No plan survives first contact with the adversary

General war is (generally) unpredictable. Clausewitz underscores the play of random chance and probability in war; Sun Tzu advises commanders to win without fighting. After all, when politics can deliver desired aims with certainty, why escalate to the chaotic friction of combat? The present authors have formal education in applied probability and endorse the wisdom of getting a sure thing over a wager with blurry odds. A great power war in the coming decades would likely result from strategic miscalculation by one or more belligerents – namely, the eventual loser(s) – which would create a heady and uncertain operational fog in the opening engagements. Many commanders would be tempted to extract a rapid, decisive victory from this melee. In an era of long-range, precision guided munitions fired across expansive distances, combat aircraft will be the closest thing to shock troops charging to the front line, the bloody fray of attrition warfare.

For the United States and its Allies, the risk to force for exquisite and hard-t0-replace platforms needs to be understood, acknowledged, and mitigated before they are exposed to risk in high-stakes battles. One way to mitigate the risk to force is to rely on unmanned systems; however, as these systems have similar – or in some cases, greater – complexity to manned systems, we expect that they will be subject to the same production shortages as manned systems. 

Along this line of effort, an attractive and ongoing approach is to develop risk-worthy UCAVs, which would blunt enemy attacks while also distributing friendly sensors and weapons. These platforms are a low-hanging fruit, relatively inexpensive, and ready for accelerated operational development after decades of development. In addition to these operational considerations, producing these platforms in significant quantities in the near future would also help maintain the industrial base for accelerating production should the need arise.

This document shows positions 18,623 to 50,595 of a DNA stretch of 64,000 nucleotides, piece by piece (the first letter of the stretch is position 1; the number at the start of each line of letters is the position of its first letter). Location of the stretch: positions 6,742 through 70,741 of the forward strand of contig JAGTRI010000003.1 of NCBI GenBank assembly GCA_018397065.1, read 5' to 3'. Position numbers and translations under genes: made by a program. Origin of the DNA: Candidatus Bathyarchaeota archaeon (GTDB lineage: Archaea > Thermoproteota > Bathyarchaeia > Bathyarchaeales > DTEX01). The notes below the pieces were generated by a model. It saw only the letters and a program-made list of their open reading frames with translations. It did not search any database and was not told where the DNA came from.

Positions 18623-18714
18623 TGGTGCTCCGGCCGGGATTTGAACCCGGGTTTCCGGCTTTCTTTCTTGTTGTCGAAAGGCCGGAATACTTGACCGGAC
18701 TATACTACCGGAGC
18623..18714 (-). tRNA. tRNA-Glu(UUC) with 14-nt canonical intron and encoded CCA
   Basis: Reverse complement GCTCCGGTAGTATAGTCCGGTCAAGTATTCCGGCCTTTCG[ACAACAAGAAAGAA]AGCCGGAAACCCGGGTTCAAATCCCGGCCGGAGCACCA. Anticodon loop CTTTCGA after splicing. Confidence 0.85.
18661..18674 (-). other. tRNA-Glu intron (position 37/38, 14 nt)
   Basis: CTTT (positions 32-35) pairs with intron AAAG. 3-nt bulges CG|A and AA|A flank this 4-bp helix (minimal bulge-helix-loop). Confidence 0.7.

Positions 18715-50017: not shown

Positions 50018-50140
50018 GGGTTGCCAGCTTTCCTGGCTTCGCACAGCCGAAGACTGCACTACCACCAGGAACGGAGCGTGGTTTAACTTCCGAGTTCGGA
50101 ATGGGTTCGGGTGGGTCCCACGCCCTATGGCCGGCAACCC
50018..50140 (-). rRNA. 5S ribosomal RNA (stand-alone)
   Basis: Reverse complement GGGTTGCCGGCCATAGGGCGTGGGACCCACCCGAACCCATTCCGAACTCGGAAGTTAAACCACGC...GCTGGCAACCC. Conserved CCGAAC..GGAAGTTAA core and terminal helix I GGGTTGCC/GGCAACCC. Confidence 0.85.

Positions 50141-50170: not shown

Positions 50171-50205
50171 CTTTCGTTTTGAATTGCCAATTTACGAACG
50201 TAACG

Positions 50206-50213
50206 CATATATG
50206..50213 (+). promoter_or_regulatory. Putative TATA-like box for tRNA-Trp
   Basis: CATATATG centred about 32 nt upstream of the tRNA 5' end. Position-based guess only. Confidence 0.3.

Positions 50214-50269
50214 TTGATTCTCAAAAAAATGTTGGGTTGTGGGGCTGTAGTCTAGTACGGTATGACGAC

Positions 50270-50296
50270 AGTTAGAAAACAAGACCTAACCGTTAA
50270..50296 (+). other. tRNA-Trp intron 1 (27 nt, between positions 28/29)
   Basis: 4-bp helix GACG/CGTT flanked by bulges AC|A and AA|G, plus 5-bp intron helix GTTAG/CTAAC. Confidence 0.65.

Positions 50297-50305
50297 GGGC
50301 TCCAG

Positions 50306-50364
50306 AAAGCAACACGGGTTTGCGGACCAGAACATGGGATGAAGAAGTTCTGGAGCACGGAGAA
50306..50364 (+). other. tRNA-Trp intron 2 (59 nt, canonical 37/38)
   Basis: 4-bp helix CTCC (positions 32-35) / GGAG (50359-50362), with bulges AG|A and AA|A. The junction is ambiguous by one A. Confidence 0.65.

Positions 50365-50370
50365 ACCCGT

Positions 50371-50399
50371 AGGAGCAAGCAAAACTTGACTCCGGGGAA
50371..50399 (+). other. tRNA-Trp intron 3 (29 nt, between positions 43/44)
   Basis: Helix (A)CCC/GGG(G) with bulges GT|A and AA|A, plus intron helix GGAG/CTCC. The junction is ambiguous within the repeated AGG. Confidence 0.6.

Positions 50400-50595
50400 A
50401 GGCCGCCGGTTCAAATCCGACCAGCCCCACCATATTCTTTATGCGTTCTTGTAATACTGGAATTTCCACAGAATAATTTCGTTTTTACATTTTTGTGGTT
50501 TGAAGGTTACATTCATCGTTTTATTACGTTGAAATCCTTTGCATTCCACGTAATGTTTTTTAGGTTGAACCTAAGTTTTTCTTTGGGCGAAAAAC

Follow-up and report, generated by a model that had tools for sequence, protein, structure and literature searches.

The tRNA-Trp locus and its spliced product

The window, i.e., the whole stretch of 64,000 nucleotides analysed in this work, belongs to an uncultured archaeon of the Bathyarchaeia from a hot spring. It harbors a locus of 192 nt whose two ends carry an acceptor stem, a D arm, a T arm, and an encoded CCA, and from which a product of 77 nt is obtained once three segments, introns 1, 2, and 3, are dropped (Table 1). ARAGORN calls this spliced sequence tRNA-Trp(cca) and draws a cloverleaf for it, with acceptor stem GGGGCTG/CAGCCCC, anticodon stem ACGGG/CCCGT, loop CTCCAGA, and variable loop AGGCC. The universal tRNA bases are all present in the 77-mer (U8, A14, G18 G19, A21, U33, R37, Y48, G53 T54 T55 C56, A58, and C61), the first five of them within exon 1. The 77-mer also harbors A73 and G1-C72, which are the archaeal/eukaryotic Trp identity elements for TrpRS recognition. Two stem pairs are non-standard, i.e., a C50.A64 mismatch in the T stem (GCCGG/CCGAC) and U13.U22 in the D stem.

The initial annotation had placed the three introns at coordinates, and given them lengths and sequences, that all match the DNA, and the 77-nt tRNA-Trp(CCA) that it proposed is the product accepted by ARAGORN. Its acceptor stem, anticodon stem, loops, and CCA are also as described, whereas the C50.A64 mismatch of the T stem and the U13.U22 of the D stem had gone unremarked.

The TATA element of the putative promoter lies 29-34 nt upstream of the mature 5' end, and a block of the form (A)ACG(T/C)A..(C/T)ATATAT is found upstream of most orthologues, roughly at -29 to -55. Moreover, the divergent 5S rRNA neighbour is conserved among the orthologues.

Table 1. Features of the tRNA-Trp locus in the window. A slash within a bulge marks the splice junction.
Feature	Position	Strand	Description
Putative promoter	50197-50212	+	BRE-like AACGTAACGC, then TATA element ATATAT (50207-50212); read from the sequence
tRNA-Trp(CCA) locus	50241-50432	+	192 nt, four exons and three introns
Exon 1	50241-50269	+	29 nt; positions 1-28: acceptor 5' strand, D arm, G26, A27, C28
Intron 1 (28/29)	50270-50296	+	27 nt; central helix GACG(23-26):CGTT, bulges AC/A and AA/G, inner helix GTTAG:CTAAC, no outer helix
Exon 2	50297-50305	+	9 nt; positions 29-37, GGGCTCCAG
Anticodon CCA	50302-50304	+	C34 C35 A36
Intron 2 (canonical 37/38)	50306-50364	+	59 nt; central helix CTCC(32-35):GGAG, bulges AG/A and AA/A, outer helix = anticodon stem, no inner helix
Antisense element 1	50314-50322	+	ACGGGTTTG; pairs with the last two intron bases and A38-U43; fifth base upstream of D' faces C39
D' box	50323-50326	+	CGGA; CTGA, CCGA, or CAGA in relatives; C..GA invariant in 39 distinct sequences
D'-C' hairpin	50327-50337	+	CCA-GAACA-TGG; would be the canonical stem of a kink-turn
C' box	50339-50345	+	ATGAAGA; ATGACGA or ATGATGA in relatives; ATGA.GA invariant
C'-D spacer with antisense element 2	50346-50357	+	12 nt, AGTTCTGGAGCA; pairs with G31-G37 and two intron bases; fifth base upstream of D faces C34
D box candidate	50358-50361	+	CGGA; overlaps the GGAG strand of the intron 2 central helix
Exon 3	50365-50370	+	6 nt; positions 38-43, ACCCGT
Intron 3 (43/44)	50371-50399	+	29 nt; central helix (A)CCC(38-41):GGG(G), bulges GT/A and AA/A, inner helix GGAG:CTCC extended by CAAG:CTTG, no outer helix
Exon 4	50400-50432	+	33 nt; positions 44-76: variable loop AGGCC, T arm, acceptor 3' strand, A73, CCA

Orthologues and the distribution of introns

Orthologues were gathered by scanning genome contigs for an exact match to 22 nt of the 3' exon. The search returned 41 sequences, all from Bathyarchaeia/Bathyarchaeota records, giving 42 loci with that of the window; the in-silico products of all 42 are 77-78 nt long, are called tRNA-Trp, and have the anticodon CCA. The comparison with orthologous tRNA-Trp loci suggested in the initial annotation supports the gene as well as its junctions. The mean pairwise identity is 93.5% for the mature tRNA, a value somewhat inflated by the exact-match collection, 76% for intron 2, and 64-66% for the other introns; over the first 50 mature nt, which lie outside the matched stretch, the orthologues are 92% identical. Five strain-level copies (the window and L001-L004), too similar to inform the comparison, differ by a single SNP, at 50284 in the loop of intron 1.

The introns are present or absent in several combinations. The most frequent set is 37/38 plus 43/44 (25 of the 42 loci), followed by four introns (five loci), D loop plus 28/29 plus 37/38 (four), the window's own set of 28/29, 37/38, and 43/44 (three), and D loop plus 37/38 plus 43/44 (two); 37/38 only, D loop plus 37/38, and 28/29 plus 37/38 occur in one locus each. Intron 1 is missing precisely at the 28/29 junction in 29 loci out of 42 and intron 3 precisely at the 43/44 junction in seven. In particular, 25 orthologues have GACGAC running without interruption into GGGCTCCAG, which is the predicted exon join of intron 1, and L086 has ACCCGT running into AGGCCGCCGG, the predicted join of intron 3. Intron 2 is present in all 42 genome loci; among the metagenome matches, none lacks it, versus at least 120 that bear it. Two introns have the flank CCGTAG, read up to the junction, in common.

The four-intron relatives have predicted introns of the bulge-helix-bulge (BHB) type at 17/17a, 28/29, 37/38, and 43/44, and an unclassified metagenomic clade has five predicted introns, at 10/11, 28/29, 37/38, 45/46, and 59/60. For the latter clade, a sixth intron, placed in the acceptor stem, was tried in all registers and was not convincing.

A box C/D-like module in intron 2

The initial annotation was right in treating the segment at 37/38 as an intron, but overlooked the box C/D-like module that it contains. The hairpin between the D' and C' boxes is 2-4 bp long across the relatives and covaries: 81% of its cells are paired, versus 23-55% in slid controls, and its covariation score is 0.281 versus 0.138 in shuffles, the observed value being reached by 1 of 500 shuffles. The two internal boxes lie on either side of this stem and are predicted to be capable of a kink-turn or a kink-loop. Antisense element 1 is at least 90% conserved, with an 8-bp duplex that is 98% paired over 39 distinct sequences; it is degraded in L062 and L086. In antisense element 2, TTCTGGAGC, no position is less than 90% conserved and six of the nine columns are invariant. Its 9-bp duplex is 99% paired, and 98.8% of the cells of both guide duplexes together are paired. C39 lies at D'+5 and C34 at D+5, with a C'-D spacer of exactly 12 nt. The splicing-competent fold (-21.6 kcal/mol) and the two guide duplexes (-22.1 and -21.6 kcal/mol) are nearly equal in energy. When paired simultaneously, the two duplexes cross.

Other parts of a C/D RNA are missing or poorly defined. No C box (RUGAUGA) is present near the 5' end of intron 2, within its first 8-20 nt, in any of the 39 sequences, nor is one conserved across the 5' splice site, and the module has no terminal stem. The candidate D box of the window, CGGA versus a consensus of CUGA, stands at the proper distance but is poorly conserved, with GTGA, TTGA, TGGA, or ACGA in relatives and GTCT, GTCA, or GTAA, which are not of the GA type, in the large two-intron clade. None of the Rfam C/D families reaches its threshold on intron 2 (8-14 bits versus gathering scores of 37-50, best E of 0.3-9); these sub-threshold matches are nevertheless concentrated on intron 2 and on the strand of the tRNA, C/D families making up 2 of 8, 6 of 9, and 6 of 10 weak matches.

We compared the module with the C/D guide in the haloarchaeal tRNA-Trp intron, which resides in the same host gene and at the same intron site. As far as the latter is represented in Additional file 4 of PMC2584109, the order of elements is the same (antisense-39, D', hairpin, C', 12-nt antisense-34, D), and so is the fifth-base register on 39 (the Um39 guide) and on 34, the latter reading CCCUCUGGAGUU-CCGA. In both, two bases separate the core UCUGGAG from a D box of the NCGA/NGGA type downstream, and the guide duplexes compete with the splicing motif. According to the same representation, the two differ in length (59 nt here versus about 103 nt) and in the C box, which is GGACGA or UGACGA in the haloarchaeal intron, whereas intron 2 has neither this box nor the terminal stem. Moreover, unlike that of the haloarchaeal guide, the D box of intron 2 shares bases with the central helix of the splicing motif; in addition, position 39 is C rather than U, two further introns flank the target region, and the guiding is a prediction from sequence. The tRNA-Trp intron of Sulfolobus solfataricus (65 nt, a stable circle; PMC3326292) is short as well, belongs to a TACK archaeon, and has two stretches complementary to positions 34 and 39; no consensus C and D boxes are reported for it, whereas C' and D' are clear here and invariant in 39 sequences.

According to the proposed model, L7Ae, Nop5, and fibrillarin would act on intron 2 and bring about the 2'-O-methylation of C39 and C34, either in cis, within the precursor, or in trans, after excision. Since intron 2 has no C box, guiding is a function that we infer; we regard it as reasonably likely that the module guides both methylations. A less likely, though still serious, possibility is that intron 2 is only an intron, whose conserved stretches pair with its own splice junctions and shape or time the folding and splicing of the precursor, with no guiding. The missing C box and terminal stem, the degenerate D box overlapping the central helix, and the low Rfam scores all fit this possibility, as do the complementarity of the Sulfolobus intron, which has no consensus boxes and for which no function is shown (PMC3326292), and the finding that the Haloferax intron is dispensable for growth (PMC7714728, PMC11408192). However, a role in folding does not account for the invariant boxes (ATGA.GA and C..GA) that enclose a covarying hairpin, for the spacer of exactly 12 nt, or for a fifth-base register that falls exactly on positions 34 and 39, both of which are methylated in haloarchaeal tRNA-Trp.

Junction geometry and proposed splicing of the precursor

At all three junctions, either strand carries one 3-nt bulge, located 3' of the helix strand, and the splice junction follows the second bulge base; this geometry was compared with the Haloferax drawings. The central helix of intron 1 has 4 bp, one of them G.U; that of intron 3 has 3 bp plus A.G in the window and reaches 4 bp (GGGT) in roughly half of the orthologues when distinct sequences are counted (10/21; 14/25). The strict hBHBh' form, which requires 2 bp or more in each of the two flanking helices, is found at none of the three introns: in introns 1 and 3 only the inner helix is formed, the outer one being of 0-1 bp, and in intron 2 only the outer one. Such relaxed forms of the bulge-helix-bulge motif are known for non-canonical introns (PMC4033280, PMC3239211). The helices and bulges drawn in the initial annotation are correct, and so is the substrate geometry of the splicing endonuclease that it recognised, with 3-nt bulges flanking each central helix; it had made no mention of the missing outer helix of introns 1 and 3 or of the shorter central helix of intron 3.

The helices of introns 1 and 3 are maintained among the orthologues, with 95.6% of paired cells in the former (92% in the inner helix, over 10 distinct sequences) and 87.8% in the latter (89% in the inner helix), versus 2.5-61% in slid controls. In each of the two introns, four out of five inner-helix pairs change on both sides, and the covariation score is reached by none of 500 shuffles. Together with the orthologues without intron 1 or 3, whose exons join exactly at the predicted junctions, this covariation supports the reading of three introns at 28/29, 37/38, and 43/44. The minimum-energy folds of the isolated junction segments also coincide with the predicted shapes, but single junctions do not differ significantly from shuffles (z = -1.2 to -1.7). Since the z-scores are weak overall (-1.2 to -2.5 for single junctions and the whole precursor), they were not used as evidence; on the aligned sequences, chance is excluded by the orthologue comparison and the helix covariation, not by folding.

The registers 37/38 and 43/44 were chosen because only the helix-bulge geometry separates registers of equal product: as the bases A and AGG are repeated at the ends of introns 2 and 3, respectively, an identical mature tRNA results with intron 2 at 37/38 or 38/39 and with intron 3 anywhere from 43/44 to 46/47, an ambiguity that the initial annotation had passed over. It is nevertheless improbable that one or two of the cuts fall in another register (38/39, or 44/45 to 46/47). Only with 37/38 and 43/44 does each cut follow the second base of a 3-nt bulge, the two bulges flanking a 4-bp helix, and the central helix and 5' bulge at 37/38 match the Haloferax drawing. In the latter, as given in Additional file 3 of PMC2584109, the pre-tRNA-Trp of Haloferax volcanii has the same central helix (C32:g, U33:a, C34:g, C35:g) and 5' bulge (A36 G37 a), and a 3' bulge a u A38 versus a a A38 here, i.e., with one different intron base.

The Replacements

Assume for a moment that the 80’s screenwriters are wrong, and a great power war drags on through months and years. What mitigations should the U.S. put in place now? An extended great power conflict would require a fallback capability of ‘second tier’ aircraft. Much of this fallback capacity already exists in the form of reserve and Air National Guard squadrons, many of which would likely see combat. Nevertheless, the logic of attrition also applies to these reserve aviation forces. Aviation-specific manpower policies, motivated in part by Imperial Japan’s pilot shortfall in WWII, grant a relative abundance of trained and experienced American combat aviators. Even so, they still need aircraft to fly.

Fortunately, the United States also has a large collection of retired but ‘preserved’ aircraft, most of which are at the ‘boneyard’, at Davis-Monthan Air Force Base in Arizona. While the modernization of current air wings are underway, budgeteers would do well to broadly consider service life extension programs (SLEP) for the ‘best’ past generation aircraft as a potential backfill for the attrition of manned aircraft and invest in greater capacity to accelerate the same.

While increasing funding for maintaining, preserving, and regenerating aircraft in the ‘boneyard’ is one course of action, it is admittedly not well-aligned with the broad incentives of either government or industry (with the possible exception of Arizona’s 2nd congressional district2).